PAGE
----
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Page last updated at 13:23 GMT, Thursday, 24 September 2009 14:23 UK

A French adventure

EUROPEAN EVENTING CHAMPIONSHIPS
Venue: Fontainebleau, France Dates: 25-27 September Coverage: Watch live on BBC Two, the red button and the BBC Sport website (UK only)

Lizzie Greenwod-Hughes
By Lizzie Greenwood-Hughes
BBC Radio 5 live's equestrian reporter and Football League Show presenter

Imagine yourself, an England football fan travelling to the World Cup with Steve Gerrard and Wayne Rooney, or a Wales rugby fan following Ryan Jones and Shane Williams during the Six Nations.

Tina Cook and William Fox-Pitt
Tina and William with the horses at the service station

That's what it's like for me this week. Except in my case, the World Cup or Six Nations is the European Eventing Championships in France and instead of chatting to Rooney and Co. on a plane or bus, I'm having a cup of tea with top British riders William Fox-Pitt and Tina Cook in the back of an 18 tonne lorry with £1m worth of horses in the back.

Yes I am officially embedded with the British team, the defending European champions.

For seven days I will be privy to most of their activities from travelling with them to the event near Paris, to observing their training, going to dinner with them and of course following their progress in the competition.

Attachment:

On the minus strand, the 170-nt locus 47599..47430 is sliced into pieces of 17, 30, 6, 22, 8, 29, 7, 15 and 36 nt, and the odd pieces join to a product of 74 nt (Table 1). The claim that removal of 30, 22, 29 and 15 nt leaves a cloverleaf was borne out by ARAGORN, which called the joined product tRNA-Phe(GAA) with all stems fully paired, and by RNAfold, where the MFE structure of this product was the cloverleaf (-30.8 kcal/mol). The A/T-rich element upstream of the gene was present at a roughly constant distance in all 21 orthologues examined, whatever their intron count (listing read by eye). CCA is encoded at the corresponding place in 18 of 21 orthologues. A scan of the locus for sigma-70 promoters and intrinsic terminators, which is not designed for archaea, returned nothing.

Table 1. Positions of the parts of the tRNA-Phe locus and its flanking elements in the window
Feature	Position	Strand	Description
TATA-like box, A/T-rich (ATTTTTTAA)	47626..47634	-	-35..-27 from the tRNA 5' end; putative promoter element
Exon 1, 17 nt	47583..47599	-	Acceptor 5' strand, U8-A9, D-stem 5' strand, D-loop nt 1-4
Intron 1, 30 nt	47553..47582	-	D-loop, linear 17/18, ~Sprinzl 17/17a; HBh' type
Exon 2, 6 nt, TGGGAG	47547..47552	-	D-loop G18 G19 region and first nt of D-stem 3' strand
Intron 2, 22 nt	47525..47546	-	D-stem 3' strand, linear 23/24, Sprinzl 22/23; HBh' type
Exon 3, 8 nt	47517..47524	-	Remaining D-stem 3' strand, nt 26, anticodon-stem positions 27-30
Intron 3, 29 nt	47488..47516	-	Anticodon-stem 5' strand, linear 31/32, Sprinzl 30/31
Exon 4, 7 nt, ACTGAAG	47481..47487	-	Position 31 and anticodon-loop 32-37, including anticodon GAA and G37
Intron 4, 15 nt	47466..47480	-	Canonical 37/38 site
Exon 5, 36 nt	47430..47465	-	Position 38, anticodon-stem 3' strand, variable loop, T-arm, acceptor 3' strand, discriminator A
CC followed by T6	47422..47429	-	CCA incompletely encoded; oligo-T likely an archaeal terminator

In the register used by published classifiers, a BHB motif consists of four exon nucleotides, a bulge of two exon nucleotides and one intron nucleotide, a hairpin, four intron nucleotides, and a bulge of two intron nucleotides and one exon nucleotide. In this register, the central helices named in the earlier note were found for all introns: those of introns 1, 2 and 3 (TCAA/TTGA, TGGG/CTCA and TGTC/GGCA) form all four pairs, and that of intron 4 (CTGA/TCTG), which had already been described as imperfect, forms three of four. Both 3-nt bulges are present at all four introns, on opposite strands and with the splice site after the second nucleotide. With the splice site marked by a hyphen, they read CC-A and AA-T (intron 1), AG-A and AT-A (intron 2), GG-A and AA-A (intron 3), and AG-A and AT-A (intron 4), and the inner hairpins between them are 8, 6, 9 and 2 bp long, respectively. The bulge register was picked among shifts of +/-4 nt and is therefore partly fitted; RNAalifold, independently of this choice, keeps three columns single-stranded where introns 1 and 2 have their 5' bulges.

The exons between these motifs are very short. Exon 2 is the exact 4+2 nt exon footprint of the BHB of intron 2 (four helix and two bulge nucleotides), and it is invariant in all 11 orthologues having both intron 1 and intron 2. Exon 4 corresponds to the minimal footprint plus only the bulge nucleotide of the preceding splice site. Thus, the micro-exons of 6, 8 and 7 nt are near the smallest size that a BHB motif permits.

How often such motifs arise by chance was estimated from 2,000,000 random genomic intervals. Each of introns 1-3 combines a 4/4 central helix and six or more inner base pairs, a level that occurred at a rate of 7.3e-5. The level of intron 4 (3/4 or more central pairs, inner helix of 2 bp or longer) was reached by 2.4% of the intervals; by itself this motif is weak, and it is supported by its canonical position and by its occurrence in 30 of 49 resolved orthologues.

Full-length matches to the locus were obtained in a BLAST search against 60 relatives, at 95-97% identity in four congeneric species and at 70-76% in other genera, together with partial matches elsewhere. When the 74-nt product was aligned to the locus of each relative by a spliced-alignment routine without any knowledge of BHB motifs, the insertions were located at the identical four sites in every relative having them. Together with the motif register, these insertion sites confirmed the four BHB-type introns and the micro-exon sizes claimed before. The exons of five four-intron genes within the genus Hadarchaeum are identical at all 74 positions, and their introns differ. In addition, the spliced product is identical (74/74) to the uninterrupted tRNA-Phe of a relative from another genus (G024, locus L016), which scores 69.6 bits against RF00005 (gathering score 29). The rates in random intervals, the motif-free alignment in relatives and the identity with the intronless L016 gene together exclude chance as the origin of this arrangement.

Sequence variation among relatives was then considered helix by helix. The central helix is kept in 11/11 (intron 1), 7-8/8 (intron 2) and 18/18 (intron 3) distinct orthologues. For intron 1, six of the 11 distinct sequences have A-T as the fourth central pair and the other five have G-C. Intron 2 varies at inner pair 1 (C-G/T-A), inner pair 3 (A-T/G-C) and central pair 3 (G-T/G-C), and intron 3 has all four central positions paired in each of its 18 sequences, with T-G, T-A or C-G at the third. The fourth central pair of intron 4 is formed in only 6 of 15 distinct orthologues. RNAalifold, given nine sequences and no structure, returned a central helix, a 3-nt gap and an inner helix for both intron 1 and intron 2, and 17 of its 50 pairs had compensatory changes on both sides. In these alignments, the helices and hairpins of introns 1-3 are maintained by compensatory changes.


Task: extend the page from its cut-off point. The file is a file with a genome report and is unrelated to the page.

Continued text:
They've allowed me unprecedented access and I feel like a small child in a sweet shop.

My adventure started on Monday evening. The team manager, Yogi Breisner, had organised for everyone to meet at William's yard in Dorset before heading off to the overnight ferry in Portsmouth.

606: DEBATE

However the riders realised this was geographical madness as they live in different corners of the country and independently planned a new, more direct route.

So in the end I arrived to find just William at the yard with his horse Idalgo or 'Frog' as he's known. We were due to pick up Tina who's based in Sussex and her horse Miners Frolic or 'Henry' at the port.

William's yard is probably the finest equestrian establishment I have seen. It was purpose-built for him and has everything a professional horseman could ever need.

There's even an integrated giant garage for his giant lorry with an equally giant picture on the wall of William riding to one of his numerous Burghley victories.

William is a bit like the Roger Federer of eventing. Not only is he the world number one with multiple wins at most major competitions but he's also at that age where he's kind of an elder statesman even though at 40 he's still relatively young in the sport.

Tina Cook and William Fox-Pitt
Tina and William with the horses at the service station